- In four months, I’ve earned over $US111 in interest with my Wealthfront cash account.
- With my old savings account, it would have taken me over 50 years to earn that much interest on my money.
- Due to Fed rate cuts, Wealthfront’s interest rates have dipped slightly – but I’m still earning 20 times more than the average savings account interest rate.
- Open your own Wealthfront cash account today and start earning 20 times more interest than the national average »
Four months ago, I opened a cash account with Wealthfront. I had finally had enough of earning 0.01% on my money with the savings account I had used for years. So I decided to take action and move part of our emergency fund over to a high-yield cash account with Wealthfront.
Overall, I couldn’t be happier with my decision. Here’s a quick look at how much interest I’ve earned so far and how much I could earn down the road.
How much interest I’ve earned with Wealthfront
I opened my Wealthfront account on July 9 with an initial deposit of $US20,000. Then, at the end of July, I moved another $US1,000 over to Wealthfront.
I haven’t made another deposit since that time. So for the majority of those four months, I’ve earned interest on a principal of $US21,000.
And how much interest have I earned? $US111.57.
So, in just four months, I’ve earned over $US111 on money that was essentially earning me nothing before.
To put things in perspective, with my old bank I would have only earned a little over $US2 in one year on that amount of money. And it would have taken me over 50 years to earn what I’ve made in four months with Wealthfront.
Now that I see how much money I was wasting every month, I’m kicking myself for not moving to a high-yield savings account sooner.
How much interest could I earn down the road?
Just for fun, I decided to run the numbers to see how much interest I could earn with Wealthfront moving forward. Using Wealthfront’s recent interest rate of 2.07% and assuming that I never made any additional deposits, here’s how much interest I could earn with Wealthfront over time.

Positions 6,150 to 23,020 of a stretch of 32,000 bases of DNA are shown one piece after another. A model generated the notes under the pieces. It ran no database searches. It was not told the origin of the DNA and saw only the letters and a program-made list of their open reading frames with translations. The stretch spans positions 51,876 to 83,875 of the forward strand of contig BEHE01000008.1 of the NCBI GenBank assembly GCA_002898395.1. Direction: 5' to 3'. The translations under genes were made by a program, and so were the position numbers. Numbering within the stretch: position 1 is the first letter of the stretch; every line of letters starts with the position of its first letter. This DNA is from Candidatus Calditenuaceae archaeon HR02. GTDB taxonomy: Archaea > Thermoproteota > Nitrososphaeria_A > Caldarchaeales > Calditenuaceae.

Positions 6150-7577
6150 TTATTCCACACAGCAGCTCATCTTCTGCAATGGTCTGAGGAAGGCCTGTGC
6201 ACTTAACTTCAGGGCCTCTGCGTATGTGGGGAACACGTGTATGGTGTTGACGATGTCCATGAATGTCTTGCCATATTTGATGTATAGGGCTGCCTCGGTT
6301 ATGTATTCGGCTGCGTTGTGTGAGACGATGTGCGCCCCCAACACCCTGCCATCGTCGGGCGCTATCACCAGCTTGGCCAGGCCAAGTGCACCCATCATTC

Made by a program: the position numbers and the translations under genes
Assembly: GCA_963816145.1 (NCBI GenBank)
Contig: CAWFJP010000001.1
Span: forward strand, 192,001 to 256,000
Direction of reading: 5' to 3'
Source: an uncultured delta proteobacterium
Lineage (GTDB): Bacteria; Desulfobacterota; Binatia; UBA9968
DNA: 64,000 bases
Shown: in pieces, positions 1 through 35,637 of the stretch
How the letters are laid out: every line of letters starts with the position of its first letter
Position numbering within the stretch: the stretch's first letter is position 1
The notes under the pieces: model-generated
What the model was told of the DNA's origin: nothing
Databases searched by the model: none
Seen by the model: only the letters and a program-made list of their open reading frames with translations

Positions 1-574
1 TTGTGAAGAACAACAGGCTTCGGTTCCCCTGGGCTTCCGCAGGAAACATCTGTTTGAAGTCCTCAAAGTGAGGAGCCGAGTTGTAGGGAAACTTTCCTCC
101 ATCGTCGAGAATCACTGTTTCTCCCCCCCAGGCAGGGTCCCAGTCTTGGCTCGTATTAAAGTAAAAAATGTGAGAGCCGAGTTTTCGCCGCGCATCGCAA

- 1 Year: $US439
- 5 Years: $US2,288
- 10 Years: $US4,825
- 25 Years: $US14,219
- 50 Years: $US38,065
That’s right, in the amount of time that I would have earned around a measly $US100 with my old savings account, I could earn over $US38,000 with my Wealthfront cash account.
And in this scenario, my total account value would rise to over $US59,000.
Ultimately, the Fed will determine how much I make with Wealthfront over time
There’s only one “catch” to the scenario I played out above. It assumed that the interest rate on my Wealthfront cash account would stay exactly the same over time.
But, in reality, that could never be the case. Like other banks, Wealthfront bases its APY on the Fed’s interest rate at the time. And if the Fed rate goes down, so will the interest rate on my Wealthfront account.
This has actually already happened three times in the four months that I’ve been a Wealthfront customer. In August, Wealthfront notified me via email that my rate was being dropped from 2.57% to 2.32% due to a Fed rate cut.
At the end of September, Wealthfront published a blog post letting customers know that the latest Fed cut was forcing it to lower rates to 2.07%. And on November 1, Wealthfront lowered its interest rate again in response to the Fed’s cuts, to 1.82%.
The good news? As Wealthfront pointed out in both instances, the rate it offers is still 20 times more than the national average. And if the Fed raises rates in the future, Wealthfront says that it will raise its rates too.
No one can know what the Fed interest rate will be one year from now, much less five or 10 years down the road.
But I do know that Wealthfront is committed to offering some of the best rates on the market, whether it goes up or down. That’s really all that I can ask for. And that’s why I’m currently a satisfied customer and plan to stick with Wealthfront for the foreseeable future.